So where does this leave the Labour party? Something which is never pointed out is just how difficult Miliband's task is. Only three Labour prime ministers since 1945 have actually won general elections: Clement Attlee, Harold Wilson and Tony Blair (both James Callaghan and Gordon Brown took over in Downing Street mid-term and lost the only elections they fought).
However, Miliband’s chances look good and he has huge advantages. Firstly, Miliband can take heart that all three prime ministers were multi-election winners: Attlee in 1945 and 50 (though, as said, he lasted little more than a year after that win); Wilson in 1964, 1966, and 1974; Blair in 1997, 2001 and 2005.
Secondly, in 2010 – despite having in Gordon Brown the most electorally unappealing PM since Anthony Eden – Labour still managed to win more seats than the Conservatives managed in 1997, 2001 and 2005. Forget any arguments about share of the vote, these days the political landscape is more fragmented than at any time in modern history. It's no longer a landscape dominated by Conservative and Labour – we now have to add in the Liberal Democrats, SNP, Plaid Cymru, Greens, independents and, yes, even Ukip, although until they actually win a by-election their significance will remain overstated.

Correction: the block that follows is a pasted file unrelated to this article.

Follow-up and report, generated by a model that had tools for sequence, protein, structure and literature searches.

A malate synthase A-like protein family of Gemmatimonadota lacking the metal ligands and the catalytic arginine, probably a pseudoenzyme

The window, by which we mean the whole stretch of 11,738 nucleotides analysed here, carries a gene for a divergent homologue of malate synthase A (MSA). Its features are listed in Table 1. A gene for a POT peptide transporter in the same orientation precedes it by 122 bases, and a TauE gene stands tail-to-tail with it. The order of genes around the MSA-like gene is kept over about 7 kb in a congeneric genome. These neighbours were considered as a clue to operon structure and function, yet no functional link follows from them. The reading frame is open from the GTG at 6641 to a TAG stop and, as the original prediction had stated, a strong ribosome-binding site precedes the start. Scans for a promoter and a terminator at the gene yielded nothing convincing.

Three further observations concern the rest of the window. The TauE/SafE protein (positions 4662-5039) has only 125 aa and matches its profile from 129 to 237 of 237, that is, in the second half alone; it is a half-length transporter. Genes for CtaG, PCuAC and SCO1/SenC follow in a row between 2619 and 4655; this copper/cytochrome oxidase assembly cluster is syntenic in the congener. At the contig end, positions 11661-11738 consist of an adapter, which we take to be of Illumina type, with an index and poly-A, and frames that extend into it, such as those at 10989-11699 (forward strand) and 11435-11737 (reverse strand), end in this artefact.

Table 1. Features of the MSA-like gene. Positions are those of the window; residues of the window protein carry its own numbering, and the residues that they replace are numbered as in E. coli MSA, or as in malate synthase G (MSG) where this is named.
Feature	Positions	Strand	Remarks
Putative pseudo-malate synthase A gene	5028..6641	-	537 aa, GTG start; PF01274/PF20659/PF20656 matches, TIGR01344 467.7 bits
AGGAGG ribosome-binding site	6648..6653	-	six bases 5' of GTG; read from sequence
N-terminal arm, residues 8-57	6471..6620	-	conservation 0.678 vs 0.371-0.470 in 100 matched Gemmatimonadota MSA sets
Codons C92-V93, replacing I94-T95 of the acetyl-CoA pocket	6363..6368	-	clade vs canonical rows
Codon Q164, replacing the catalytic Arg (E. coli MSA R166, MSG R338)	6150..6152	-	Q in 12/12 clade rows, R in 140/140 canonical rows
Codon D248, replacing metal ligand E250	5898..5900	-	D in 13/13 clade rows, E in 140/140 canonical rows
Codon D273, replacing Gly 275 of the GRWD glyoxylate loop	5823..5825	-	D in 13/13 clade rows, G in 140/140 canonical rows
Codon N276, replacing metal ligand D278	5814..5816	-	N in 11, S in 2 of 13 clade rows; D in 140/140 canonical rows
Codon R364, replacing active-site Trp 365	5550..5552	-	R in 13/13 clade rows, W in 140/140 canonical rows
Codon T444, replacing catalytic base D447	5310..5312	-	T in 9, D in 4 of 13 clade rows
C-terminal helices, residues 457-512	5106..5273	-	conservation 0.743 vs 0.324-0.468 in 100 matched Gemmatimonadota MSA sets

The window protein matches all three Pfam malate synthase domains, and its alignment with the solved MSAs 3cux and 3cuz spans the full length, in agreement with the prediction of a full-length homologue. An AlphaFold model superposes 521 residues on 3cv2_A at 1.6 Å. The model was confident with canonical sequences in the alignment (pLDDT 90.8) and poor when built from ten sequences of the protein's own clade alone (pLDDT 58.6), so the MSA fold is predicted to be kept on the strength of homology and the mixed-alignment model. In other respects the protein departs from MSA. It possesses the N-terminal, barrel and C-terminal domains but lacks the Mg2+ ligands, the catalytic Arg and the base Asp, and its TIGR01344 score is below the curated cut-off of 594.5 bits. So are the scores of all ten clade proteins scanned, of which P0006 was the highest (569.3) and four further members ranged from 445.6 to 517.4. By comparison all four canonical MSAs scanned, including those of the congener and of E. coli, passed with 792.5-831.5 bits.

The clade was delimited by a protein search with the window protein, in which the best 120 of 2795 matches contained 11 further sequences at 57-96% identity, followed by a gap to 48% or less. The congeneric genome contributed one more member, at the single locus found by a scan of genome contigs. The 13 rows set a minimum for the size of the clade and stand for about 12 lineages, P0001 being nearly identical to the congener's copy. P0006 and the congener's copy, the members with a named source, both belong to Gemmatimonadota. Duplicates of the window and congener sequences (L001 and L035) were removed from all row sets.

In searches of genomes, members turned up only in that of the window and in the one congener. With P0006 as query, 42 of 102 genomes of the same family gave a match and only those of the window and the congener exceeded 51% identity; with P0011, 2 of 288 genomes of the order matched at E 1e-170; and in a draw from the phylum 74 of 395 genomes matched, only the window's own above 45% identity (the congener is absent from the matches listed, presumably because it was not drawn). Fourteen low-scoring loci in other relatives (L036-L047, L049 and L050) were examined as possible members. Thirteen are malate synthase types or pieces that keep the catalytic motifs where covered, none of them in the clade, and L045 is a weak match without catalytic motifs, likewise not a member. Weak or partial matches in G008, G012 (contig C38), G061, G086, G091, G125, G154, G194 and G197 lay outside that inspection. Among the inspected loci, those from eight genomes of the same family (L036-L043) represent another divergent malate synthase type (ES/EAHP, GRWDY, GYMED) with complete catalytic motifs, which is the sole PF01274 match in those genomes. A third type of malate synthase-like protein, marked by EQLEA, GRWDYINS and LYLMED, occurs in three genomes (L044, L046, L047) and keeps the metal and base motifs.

Thirdly, Miliband's big asset is something bequeathed by Kinnock and Blair – ding dong, the left is dead. His decision to cut links with the unions is something from which he has nothing to gain, though is meant to show the distance Labour has come from its past. Is there a fear in Labour circles that the Tories will caricature the unions as the all-powerful behemoths of the 1970s and that a Labour government would mean a return to the 'everybody out' Britain of braziers and donkey jackets? That seems to be one rationale to explain Miliband's decision.